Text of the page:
Australian Childbirth Costs Top the Charts

Australia is one of the most expensive countries in the world for women to give birth, according to a new study.

The survey, by UK medical journal The Lancet, surveyed 14 developed countries including Australia and the United states on the costs of caesarean and natural births.

Australia came in second to the United States overall, with the average C-section costing an estimated $US10,500 ($A14,086), $US5,000 ($A6,708) cheaper than in the US.


While 68 per cent of Australian women deliver naturally, we also have the highest rate of C-sections of the 14 countries, at 32 per cent.

A natural birth here costs $US6,775 ($A9,089), compared to in the US where it costs $US10,232 ($A13,726).

The Lancet’s Maternal Health Series released today, is compiled to present data evaluating maternal health services around the world to policy makers and planners.

“With a focus on low-income and middle-income countries, we present data that policy makers and planners can use to evaluate whether maternal health services are functioning to meet needs of women nationally, and potentially subnationally”, the report says.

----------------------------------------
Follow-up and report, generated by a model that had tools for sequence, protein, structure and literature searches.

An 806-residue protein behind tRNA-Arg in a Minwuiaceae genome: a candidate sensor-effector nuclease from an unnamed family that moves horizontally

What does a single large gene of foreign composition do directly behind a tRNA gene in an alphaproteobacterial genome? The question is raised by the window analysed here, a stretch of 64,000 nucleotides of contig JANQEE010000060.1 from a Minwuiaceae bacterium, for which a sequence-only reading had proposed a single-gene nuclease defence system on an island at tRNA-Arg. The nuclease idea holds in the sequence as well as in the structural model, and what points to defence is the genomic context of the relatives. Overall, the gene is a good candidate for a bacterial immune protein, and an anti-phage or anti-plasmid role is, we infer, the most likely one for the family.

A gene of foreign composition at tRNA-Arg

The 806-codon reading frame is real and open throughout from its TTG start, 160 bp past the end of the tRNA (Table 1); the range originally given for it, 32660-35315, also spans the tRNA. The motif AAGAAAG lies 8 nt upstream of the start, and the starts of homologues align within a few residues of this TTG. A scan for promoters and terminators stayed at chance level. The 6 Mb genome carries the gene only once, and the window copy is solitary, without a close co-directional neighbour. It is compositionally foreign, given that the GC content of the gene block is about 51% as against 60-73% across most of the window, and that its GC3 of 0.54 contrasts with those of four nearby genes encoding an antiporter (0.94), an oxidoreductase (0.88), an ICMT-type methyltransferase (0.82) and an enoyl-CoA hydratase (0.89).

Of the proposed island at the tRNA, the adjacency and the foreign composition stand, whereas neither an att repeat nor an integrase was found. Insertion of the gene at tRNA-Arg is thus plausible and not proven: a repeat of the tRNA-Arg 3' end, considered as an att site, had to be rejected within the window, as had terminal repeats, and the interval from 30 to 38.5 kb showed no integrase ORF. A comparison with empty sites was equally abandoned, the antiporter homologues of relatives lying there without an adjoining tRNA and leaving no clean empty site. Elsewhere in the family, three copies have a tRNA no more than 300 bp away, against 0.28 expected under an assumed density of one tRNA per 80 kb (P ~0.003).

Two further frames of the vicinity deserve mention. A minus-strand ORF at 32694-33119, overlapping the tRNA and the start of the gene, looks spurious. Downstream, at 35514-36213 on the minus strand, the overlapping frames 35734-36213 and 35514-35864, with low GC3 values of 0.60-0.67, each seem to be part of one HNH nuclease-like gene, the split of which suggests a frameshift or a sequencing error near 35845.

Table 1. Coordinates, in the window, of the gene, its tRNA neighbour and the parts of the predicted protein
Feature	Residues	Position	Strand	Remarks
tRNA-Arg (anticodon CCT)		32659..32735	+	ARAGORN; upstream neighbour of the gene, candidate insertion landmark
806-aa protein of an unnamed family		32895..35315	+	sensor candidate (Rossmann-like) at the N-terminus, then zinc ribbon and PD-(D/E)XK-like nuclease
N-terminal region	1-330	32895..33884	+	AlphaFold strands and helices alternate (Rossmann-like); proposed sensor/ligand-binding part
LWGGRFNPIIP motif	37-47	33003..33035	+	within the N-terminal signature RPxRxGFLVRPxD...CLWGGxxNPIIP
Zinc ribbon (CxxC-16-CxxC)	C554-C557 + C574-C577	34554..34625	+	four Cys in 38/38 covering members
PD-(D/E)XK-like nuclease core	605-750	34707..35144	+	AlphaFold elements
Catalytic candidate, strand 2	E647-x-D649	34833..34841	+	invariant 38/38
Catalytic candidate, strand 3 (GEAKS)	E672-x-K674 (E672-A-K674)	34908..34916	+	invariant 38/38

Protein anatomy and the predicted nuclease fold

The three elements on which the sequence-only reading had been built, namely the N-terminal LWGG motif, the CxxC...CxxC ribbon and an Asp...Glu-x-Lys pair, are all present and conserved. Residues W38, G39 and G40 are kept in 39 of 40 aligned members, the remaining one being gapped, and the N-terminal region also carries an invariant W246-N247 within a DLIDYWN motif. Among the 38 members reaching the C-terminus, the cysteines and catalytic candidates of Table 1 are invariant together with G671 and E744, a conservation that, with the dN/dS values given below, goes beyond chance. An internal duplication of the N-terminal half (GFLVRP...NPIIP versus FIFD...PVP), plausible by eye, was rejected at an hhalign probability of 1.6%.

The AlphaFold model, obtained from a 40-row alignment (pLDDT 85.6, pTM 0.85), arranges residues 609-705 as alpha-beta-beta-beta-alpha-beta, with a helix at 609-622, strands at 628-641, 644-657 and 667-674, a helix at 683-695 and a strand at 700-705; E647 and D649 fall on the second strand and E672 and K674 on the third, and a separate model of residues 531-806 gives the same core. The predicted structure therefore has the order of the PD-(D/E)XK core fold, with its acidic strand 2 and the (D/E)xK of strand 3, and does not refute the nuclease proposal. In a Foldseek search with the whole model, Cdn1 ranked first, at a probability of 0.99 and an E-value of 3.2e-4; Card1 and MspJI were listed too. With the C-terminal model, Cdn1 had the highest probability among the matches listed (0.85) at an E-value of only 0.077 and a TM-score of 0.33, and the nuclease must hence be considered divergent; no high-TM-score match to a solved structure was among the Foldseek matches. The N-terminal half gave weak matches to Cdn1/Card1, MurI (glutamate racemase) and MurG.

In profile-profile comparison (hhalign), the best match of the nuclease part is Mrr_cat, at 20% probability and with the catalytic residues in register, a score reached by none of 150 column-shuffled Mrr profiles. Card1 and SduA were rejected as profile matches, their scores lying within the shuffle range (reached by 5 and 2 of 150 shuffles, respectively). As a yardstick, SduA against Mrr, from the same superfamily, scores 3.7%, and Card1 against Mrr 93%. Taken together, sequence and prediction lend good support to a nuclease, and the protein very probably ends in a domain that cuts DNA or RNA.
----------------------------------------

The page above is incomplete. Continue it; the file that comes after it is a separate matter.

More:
Two per cent of Australian women deliver at birthing centres, and less than one per cent opt for home birth, which according to the report drives up costs.

The data revealed most women in Australia will deliver in hospital, whether their pregnancy is low or high-risk.

“Although mortality is generally low, the picture is far from perfect.

“In some settings, fear prevails among subsets of women and providers, driving increased and inappropriate intervention”, the report said.

Australia was also second-highest for mums over 35 giving birth at 23 per cent – just behind Spain at 35 per cent.

40 per cent of the total maternal deaths in Australia were of women over 35.